Fox News hacker tweets Obama dead
- 4 July 2011
- From the section Technology
Hackers have taken over a Twitter account belonging to US broadcaster Fox News and declared President Obama dead.
The @foxnewspolitics feed stated: "BREAKING NEWS: @BarackObama assassinated, 2 gunshot wounds have proved too much."
More than two hours after the malicious postings appeared, they had still not been removed.
A group or individual, calling themselves The Script Kiddies appeared to claim responsibility.
Fox News said it was investigating the posts.
The bizarre messages began appearing around 07.00 BST on July 4.
The first read: "Just regained full access to our Twitter and email. Happy 4th."
The next posting stated: "@BarackObama has just passed. The President is dead."
Fox News Politics is one of the Twitter accounts associated with the industry-leading cable news network.
Its Twitter account carries the "verified" tick icon, indicating that the feed belongs to the organisation it claims to be.
In a statement, Jeff Misenti, vice president and general manager of Fox News Digital said: "We will be requesting a detailed investigation from Twitter about how this occurred, and measures to prevent future unauthorized access into FoxNews.com accounts."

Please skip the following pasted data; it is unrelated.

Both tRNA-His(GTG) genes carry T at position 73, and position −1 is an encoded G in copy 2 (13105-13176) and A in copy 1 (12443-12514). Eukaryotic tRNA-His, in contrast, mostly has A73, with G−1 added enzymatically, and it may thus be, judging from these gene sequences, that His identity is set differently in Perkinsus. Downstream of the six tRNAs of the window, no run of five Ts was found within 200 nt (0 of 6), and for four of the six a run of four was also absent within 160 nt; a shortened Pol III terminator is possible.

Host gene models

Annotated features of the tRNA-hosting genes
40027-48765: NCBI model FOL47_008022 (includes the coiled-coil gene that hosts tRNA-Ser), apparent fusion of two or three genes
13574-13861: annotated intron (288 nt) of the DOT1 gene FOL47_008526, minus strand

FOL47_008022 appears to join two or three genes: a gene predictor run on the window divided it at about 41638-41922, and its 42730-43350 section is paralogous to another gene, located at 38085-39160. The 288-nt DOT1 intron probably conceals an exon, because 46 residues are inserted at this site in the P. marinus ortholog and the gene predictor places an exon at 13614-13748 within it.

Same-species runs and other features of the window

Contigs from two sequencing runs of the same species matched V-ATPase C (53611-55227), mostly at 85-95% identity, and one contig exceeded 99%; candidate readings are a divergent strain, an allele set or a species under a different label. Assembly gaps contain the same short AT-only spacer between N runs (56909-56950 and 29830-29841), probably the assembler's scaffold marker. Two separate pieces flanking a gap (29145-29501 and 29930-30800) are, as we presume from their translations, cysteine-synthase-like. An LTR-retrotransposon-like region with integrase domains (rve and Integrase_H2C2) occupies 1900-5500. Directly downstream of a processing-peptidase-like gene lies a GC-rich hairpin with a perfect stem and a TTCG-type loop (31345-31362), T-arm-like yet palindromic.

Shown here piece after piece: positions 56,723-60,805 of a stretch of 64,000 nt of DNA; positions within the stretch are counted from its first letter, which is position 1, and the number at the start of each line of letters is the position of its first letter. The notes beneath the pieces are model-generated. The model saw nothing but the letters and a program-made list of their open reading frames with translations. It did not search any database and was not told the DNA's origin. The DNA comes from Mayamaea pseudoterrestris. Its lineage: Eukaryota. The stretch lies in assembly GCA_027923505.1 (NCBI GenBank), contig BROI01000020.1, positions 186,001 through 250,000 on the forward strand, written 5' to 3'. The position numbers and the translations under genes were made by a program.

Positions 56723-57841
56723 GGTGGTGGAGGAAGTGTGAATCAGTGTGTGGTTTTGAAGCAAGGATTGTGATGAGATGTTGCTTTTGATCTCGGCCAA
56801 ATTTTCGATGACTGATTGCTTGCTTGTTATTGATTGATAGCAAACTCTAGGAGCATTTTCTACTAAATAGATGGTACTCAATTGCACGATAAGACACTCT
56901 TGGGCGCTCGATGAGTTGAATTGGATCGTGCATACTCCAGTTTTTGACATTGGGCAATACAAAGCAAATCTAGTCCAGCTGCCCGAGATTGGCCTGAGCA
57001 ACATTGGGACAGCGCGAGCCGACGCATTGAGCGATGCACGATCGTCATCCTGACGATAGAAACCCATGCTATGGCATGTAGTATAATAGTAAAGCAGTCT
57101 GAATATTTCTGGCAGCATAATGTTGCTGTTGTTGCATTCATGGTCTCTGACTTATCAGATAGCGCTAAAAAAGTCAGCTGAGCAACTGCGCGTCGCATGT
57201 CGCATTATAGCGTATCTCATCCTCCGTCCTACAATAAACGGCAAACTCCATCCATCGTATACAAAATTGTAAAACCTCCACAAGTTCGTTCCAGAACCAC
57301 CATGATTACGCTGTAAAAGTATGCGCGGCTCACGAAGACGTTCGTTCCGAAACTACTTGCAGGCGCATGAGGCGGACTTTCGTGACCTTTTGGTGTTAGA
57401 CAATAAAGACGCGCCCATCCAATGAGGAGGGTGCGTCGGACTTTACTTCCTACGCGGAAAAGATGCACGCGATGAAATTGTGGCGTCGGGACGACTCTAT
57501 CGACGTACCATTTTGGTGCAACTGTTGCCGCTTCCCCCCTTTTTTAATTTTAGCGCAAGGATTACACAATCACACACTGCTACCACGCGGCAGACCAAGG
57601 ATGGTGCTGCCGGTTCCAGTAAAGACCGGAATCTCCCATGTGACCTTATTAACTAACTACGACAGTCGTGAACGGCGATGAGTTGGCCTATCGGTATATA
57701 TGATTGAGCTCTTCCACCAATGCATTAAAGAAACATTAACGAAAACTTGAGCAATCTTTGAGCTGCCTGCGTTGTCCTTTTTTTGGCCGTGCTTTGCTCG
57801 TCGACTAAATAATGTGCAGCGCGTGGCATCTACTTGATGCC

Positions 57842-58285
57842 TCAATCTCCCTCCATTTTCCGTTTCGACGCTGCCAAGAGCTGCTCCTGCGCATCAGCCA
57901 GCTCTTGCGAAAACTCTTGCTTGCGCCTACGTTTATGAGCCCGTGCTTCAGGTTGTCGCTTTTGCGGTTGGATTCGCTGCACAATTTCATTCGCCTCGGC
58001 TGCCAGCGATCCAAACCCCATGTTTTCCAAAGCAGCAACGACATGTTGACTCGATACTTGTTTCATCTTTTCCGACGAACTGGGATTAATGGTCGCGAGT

In among the messages about President Obama, a couple of tweets appeared from a user called The Script Kiddies. However, that account was quickly suspended.
The phrase "Script Kiddie" is internet slang for an inexperienced person who uses off-the-shelf hacking technology, developed by other people.
It is unclear why Fox News has been attacked in this instance. However, the broadcaster's conservative stance has made it unpopular with many Americans.
Despite that, it is the most watched cable news network in the United States, with its prime time shows attracting almost two million viewers, well ahead of rivals CNN and MSNBC.
An attack on another Fox Entertainment Group website, Fox.com was the first confirmed hit by hacker group Lulz Security in May 2011.
The now-disbanded organisation stole the personal details of 73,000 applicants for the US version of X Factor.